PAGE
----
Zhang Dejiang, chairman of the Standing Committee of China's National People's Congress (NPC), votes at the closing meeting of the 25th session of the 12th NPC Standing Committee in Beijing, capital of China, Dec. 25, 2016. (Photo: Xinhua/Liu Weibing)
Chinese lawmakers on Sunday adopted a new law to tax polluters, particularly heavy industry.
The Environment Tax Law was approved at the end of the National People's Congress (NPC) Standing Committee meeting which concluded Sunday afternoon.
The law, to enter into force on Jan. 1, 2018, will be key to fighting pollution, according to Wang Jianfan, director of the Ministry of Finance tax policy department.
China has collected a "pollutant discharge fee," since 1979. In 2015, it collected 17.3 billion yuan (about 2.5 billion U.S. dollars) from some 280,000 businesses, Wang said.
However, some local governments exploit loopholes and exempt enterprises which are otherwise big contributors to fiscal revenue. For years, regulators have suggested replacing the fee system with a law.
"The new law will reduce interference from government," Wang told a press conference. It will also improve tax payers' environmental awareness, forcing companies to upgrade technology and shift to cleaner production, Wang said.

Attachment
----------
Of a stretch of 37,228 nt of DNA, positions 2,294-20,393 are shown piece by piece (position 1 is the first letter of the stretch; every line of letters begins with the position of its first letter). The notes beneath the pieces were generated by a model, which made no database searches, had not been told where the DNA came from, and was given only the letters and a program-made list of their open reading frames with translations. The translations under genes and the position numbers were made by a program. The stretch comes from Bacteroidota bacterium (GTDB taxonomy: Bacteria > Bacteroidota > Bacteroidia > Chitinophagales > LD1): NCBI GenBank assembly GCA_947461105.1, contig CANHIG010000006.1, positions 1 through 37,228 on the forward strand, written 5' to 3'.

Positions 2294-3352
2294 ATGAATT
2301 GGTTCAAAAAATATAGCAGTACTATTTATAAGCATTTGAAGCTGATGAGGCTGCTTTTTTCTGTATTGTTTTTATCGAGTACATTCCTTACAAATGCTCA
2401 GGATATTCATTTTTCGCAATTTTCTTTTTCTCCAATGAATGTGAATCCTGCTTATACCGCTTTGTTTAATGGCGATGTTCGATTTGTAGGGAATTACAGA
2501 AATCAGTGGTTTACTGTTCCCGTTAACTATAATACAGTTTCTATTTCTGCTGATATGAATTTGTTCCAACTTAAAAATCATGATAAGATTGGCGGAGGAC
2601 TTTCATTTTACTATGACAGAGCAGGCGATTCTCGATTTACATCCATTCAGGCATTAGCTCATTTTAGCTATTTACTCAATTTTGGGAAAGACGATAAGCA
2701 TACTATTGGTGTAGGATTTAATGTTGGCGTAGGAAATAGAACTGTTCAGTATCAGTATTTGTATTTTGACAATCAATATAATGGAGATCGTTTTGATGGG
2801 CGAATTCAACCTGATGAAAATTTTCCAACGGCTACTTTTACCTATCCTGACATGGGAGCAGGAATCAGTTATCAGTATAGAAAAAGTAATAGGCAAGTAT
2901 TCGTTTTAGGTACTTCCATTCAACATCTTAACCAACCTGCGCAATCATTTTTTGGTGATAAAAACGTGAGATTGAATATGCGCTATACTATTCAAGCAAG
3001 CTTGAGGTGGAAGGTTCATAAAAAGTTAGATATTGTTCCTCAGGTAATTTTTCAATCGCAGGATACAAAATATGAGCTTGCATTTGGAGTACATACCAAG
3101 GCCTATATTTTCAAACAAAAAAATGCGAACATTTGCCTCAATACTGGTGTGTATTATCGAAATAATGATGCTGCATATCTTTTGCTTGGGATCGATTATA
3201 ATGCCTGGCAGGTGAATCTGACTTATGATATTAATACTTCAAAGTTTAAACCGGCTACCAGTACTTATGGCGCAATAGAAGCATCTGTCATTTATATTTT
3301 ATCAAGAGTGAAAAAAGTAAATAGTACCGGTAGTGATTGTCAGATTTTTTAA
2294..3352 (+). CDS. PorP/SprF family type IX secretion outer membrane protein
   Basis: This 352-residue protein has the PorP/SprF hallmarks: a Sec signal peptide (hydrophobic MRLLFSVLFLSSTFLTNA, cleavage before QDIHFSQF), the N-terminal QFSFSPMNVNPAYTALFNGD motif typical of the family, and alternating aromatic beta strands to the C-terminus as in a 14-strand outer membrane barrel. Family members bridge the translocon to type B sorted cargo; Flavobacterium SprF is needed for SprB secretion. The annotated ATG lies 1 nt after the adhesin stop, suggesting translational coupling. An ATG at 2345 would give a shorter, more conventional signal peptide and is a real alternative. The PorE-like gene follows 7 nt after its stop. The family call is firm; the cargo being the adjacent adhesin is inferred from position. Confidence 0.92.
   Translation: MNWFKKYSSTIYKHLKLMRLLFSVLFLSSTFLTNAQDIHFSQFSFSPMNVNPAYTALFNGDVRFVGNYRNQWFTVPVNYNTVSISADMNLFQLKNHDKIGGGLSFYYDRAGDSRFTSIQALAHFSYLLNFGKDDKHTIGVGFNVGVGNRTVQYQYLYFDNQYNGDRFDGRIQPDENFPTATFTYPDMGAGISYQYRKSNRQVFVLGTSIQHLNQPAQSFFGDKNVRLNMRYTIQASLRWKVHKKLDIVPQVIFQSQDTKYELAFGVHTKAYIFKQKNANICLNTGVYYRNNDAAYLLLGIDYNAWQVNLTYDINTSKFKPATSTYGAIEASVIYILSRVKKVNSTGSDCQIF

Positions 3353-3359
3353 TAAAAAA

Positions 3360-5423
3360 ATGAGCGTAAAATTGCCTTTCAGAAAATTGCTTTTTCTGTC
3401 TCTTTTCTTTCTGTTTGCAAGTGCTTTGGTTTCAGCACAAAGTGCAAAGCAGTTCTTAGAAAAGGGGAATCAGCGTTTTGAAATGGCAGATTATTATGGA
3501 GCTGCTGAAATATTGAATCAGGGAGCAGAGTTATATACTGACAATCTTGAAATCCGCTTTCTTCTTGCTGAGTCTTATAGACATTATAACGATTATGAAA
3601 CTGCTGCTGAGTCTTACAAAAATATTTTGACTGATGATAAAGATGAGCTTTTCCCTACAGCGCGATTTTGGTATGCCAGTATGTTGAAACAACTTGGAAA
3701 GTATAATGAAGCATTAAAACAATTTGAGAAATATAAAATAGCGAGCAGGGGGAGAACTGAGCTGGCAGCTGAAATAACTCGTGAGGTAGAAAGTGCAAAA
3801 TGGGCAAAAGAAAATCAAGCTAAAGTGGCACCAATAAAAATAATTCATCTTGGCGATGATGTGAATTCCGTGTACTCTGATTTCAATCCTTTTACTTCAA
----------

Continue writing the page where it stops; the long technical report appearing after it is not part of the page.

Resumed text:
Under the new law, companies will pay taxes ranging from 350 yuan to 11,200 yuan per month for noise, according to their decibel level. It also set rates of 1.2 yuan on stipulated quantities of air pollutants, 1.4 yuan on water pollutants and a range of five to 1,000 yuan for each tonne of solid waste.
For instance, polluters will pay 1.2 yuan for emission of 0.95 kilograms of sulfur dioxide and 1.4 yuan for one kilogram of chemical oxygen demand (COD). Carbon dioxide (CO2) is not included in the levying list.
Provincial-level governments can raise the rates for air and water pollution by up to ten times after approval by the people's congresses. Lower rates may also be applicable if emission are less than national standards.
The law only targets enterprises and public institutions that discharge listed pollutants directly into the environment.
Punishment for evasion or fraud are not specified, but offenders will be held liable in line with the law on administration of taxation and the environmental law.
With more than a year still to go before the law comes into effect, Wang said authorities will make preparations including drafting a regulation for implementation of the law.
He added that revenue will all go to local governments, and will not reduce their capability to spend on environment protection.